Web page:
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102 Reviews
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14 of 14 people found the following review helpful
4.0 out of 5 stars Unbelievably good
When I bought this on its release it lived in my player. Little has changed. I am still besotted. The strong vocal style and clear image-loaded lyrics are just superb. "Round Here", "Mister Jones", "Sullivan Street" and "Murder of One" are beautiful hurting tracks, although it's impossible to pick a duff number.

The music is rock but with clear...
Published on 5 May 2007 by Moz

versus
2 of 19 people found the following review helpful
3.0 out of 5 stars Buy them live
This album is very good no doubt about that, but Counting Crows are a live band. They are best that way.
In studio albums such as this one, the music all goes too fast, Adam Duritz's lyrics go quickly and the tune is left behind.
In their live 2 Disc Across a Wire CD Duritz slows Mr Jones slightly and just takes more time and puts out down parts and higher notes...
Published on 29 Oct 2001 by dingo_no1


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14 of 14 people found the following review helpful
4.0 out of 5 stars Unbelievably good, 5 May 2007
By 
When I bought this on its release it lived in my player. Little has changed. I am still besotted. The strong vocal style and clear image-loaded lyrics are just superb. "Round Here", "Mister Jones", "Sullivan Street" and "Murder of One" are beautiful hurting tracks, although it's impossible to pick a duff number.

The music is rock but with clear deep-south\country cajun\type influences, even if this is an LA band. That accordian for one thing. Not at all out of place in this rock setting, quite the opposite, an intrinsic part of the sound. "Recovering the Satelites" is a great follow up album to it but this debut still has the edge for me. It's a great impressionist painting of urban life, fair weather and foul weather. Aching love songs, aching anything songs. If you've never heard this album you're in for a magical surprise and, if this tips the balance, you owe me one!
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7 of 7 people found the following review helpful
5.0 out of 5 stars Astonishing Stuff., 13 Sep 2003
By 
Iain Mac. (Stroud, Glos. United Kingdom) - See all my reviews
Hard hitting emotional heart ache and joy all at once.
Tells a story about everyday life in a beautifully romantic way, yet in an oddly truthful sense.
Helps any late teenager clear the haze of angst, but can wrap in a dreamworld with pure escapism depending on the mood, just as well if not better than any grunge or emo outfit.
The lyrics are thoughtfully written, with the music being telling its own tale of discovery, whilst delighting the listener with the occassional antidote of anthum status - strange for such a subtle band, but high praise indeed.
Attempts to make most people, especially those around 17 or 18 (like I was - 2001) find the answer to anything and everything, whether its needed or not - and thats no bad thing.
Special.
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6 of 6 people found the following review helpful
5.0 out of 5 stars Superb, 16 Jun 2004
By 
Richard Kelly (Manchester, England) - See all my reviews
(TOP 1000 REVIEWER)   
I first came across Counting Crows whilst sat in a mates car when he was giving me a lift into work. After a couple of weeks I found myself humming the tunes and I just had to know who this band was.
"Oh it's Counting Crows" says my friend and that was when I went out and purchased this album.
What can I say abouut the album itself? Well it's laid back folk/rock. It's very laid back.
The music meanders from the start of the track and gently makes it way to the end of it. Adam Duritz has a sublime voice (which you won't find sounding anywhere near as good on any of their other albums in my view) and it makes the gentle music resonate with a beauty.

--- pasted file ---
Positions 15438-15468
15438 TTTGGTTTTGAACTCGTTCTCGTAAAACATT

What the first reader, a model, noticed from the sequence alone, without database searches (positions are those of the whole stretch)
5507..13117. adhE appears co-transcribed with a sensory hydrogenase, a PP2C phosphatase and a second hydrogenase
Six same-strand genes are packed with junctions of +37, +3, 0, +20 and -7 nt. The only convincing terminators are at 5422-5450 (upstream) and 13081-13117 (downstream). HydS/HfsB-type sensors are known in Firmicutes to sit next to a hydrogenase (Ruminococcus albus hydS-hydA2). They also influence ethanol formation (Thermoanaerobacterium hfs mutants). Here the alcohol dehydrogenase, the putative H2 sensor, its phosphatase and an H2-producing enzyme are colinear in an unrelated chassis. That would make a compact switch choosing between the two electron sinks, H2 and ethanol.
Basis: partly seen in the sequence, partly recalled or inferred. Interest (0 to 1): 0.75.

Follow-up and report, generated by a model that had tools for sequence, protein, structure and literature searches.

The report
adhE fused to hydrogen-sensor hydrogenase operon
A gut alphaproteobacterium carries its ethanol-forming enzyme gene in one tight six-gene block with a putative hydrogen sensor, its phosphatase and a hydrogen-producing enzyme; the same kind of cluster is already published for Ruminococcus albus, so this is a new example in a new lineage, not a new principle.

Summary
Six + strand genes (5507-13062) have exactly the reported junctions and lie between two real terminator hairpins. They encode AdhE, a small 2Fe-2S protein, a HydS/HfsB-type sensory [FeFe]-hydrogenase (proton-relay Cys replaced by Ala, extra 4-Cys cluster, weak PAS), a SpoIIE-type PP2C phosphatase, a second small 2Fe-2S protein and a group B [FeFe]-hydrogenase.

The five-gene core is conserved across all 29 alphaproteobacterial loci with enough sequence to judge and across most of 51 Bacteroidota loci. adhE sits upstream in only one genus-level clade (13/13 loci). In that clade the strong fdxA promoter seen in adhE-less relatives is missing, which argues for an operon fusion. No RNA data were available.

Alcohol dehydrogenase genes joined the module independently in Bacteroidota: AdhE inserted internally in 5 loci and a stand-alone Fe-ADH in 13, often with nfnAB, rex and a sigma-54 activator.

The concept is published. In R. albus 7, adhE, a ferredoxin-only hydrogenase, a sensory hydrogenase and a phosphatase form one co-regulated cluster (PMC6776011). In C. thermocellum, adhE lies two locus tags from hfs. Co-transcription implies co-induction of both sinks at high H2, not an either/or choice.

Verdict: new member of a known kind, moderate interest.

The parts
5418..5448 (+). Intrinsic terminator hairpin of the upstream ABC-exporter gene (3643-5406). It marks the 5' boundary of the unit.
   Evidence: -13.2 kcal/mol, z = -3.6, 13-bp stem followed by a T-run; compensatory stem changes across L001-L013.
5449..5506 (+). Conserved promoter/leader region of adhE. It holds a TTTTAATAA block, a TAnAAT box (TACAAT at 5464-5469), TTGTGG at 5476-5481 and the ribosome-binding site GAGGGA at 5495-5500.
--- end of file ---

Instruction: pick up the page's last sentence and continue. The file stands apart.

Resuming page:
The first 3 tracks are simply stunning then it has a bit of a lul in the middle and gets back down to the action for the final few tracks.
Unfortunately I feel that Counting Crows reached their pinacle with this Album and all of their other albums I have found to be disappointing - but that is probably more to do with the outstanding quality of all the tracks on this one!
Superb, buy it now 10/10
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5 of 5 people found the following review helpful
5.0 out of 5 stars As the Crows were hatching...., 4 Dec 2002
Here's where it all began. The band that would change many a life. And you could tell their potential in their debut...
One of the most definitive collections of emo/post grunge rock the early 90s saw. An album which lingers on in the mind (and record players) of many of those who heard it when it was released 9 years ago. Now, any debut album which manages to go multi-platinum is well worth a listen, even if just for curiousity's sake!
The septet (though then only a sextet) truely set the standard for American modern rock and brought the old singer/songwriter magic back which the world hasn't seen the likes of since the 70s.
It combines the beautifully moving songwriting of Adam Duritz with melodious guitars, haunting piano and a flawless rhythm team.
Duritz's songwriting truely deserves a mention here. His songs are honest, emotionally raw and provocatively written in a way which one feels every last emotion and his last grasps of desperation. It is also refreshing to hear a 30-something year old talking about life, loss and loneliness rather than a fresh faced teen. He moves angst to another level. He is a poet, possibly the modern day equivalent of Dylan and Simon.
The musicianship do the songs absolute justice, with guitars which jangle in all the right places, piano with soul and memorable rhythms.
For those who are new to the Crows, "August and Everything After" is a perfect starter kit and an introduction to their music which will leave you gasping for more. For those who have heard other Crows material, this will make it all so much clearer!
Songs to look out for are...the classics Mr Jones and Round Here, the emotionally raw, stunning Anna Begins (songwriting in one of it purest forms) and Rain King.
WARNING: One album, and you'll crave the other 4!
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2 of 2 people found the following review helpful
5.0 out of 5 stars New meaning to music...., 15 April 2004
By 
B. Duckworth "benjabenja" (Liverpool, England) - See all my reviews
(REAL NAME)   
I bought this album after hearing about Counting Crows from a Canadian friend of mine who had a lot of their songs. As a relatively unknown band in the UK, I had never really considered them to be a BIG THING, more of a fringe band who had the odd good song.